I think there’s a dynamic there with people who have kids and people who have other responsibilities that they take care of at the weekend. You can build up a resentment between the people who are putting in particular hours and those who are putting in other hours.
Physical event >>Watch video>>
The difference between an online and physical event is the joy and passion from the audience and from the filmmaker. It’s real, you can see. It will literally lift your heart and that doesn’t come from online events, I don’t care what anyone says. It just doesn’t because you’re not there, you’re not in that space and after a while that suddenly begins to gnaw at your enthusiasm and your ability to do it.
You may not be paid lots of money, you may not have a clothing allowance or a limousine or any of the perks that apparently some of those other professions have, but what you do have is that these events make people happy and their happiness makes you happy. If you take that away then it becomes quite arid.
One of the things that we’ve found in festivals, and I think you’ll find it across the arts, is that it’s really hard to hold onto staff. That’s one of the biggest issues in the arts at the moment.
There’s an invisible damage that COVID has wrought on the sector – people are fleeing programming/events. There are a lot of really tired people, very, very tired people, who genuinely love what they’re doing and have loved it for many years and now they’re beginning to think, “I don’t know if I can do it anymore”.
I genuinely think that as we move back into a hybrid and hopefully back to a physical world, that we can reduce the hours because people have been eating into their own personal time to satisfy deadlines and things. I definitely see it with people who just feel that they’re not getting what they wanted out of this and also they’ve had time to think, to re-skill.
I’m talking to people about venues because, “Yeah we’ll be still open, won’t we, next year?” Even if that doubt is at the back of your head, it’s enough for some people to find it very, very difficult to get the energy to get up or get excited. We’ve all been forced into a way of working.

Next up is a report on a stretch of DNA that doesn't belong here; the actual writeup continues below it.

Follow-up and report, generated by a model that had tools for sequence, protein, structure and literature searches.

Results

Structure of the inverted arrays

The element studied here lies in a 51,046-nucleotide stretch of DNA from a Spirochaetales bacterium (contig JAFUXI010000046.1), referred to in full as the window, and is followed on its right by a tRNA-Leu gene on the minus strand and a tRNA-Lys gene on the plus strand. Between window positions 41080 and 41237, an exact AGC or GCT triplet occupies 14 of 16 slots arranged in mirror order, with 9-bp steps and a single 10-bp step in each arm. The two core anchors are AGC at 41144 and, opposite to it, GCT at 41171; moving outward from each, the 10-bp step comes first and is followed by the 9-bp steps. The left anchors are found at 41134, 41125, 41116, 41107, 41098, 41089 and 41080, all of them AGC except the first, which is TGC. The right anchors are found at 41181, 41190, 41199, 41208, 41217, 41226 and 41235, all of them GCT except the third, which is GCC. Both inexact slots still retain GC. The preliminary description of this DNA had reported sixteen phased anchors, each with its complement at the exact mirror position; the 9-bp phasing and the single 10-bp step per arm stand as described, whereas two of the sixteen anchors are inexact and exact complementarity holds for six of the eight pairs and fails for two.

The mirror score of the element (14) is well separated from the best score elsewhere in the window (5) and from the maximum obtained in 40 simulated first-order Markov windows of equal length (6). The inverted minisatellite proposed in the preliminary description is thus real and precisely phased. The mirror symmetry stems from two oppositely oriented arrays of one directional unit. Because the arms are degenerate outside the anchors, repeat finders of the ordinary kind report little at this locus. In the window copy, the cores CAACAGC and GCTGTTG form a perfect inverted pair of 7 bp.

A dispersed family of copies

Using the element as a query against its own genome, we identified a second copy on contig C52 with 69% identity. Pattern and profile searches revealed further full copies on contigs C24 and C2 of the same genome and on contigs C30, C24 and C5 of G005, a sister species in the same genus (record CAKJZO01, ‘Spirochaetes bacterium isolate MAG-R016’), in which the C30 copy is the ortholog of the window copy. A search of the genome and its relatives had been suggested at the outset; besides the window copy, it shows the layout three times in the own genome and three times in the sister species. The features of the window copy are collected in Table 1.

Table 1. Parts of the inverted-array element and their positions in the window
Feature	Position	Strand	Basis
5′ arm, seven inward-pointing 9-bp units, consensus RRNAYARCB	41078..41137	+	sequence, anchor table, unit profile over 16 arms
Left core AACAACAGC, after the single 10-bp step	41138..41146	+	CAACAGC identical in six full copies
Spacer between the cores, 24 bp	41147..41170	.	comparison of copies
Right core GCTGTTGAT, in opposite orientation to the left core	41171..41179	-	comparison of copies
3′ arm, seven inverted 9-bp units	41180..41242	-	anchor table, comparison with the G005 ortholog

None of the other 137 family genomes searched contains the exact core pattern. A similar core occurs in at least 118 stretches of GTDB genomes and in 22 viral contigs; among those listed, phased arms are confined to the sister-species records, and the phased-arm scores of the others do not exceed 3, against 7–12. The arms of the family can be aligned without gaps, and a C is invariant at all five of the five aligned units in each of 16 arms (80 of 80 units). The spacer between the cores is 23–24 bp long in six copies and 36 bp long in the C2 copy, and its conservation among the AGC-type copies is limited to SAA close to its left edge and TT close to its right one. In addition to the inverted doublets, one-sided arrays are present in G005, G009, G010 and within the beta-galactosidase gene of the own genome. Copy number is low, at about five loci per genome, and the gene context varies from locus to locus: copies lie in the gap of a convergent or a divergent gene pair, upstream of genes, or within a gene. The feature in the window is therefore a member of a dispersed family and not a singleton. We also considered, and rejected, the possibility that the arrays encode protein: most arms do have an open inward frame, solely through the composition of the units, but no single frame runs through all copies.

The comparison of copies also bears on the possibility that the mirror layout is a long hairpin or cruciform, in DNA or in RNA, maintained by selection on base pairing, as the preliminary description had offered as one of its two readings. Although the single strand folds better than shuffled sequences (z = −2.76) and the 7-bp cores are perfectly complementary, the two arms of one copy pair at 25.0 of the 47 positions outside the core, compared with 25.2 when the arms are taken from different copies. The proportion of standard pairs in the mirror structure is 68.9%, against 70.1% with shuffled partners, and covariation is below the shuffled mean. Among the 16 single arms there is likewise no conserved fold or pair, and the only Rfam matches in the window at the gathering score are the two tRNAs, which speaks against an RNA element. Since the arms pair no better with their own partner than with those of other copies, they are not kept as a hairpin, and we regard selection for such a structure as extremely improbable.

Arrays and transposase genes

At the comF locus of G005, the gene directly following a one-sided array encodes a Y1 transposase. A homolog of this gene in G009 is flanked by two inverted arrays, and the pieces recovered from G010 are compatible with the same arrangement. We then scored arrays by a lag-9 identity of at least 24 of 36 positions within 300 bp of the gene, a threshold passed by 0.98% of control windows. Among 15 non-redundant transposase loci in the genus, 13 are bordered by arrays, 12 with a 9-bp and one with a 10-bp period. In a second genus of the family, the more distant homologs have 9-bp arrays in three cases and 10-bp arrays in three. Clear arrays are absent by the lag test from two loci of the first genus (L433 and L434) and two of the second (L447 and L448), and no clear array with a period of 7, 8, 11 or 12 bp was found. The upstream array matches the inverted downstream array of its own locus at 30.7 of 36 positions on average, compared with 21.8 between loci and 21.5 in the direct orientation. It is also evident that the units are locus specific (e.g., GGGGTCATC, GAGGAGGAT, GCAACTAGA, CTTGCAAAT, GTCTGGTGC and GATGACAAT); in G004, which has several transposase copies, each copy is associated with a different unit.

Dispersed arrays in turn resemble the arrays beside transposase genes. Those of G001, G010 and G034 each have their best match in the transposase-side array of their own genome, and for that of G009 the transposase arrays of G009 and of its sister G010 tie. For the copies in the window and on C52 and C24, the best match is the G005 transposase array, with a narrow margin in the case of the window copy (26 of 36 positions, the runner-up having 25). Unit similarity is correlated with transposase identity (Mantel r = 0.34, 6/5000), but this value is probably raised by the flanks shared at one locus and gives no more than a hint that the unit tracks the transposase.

Magical >>Watch video>>
Now getting into the end of the summer, it’s like going back to school, you feel like you have to start planning. We’re funded by The Arts Council. They’ve funded us since the very start and we have to put a big funding application together, which means you have to write down what you’re thinking of doing next February – you have to have places and venues and some of the programme and film names included. We have a team and my colleagues Karen and Carol are really important to those applications, they have skillsets that I do not have.
I’m lucky that I work in a job that you start with a blank page on one level. The films that come in, unless they’re older titles, you see slowly and in different phases. I like to get a couple of months of watching films before we define our key strands so you have a sense that you’re keeping up with the Zeitgeist.
The event itself is always great fun because the public is there. I find no matter what pain you’ve been through, the joy of seeing an audience give a standing ovation, or the happiness on a filmmaker’s face when they realise their film has connected with an audience, it’s kind of magical to be honest.
Each month Minding Creative Minds hosts a Meet & Greet that everybody in Ireland’s creative sector is welcome to attend. Like Grainne’s Brains Trust we pool resources and support each other + it’s a welcome social outlet and opportunity to make new friends in our sector. Keep an eye on our social media channels for details on our next session.
Remember, if you’re a member of the Irish creative industry, you can talk to a counsellor free of charge at any time of the day or night. Simply call the phone number below.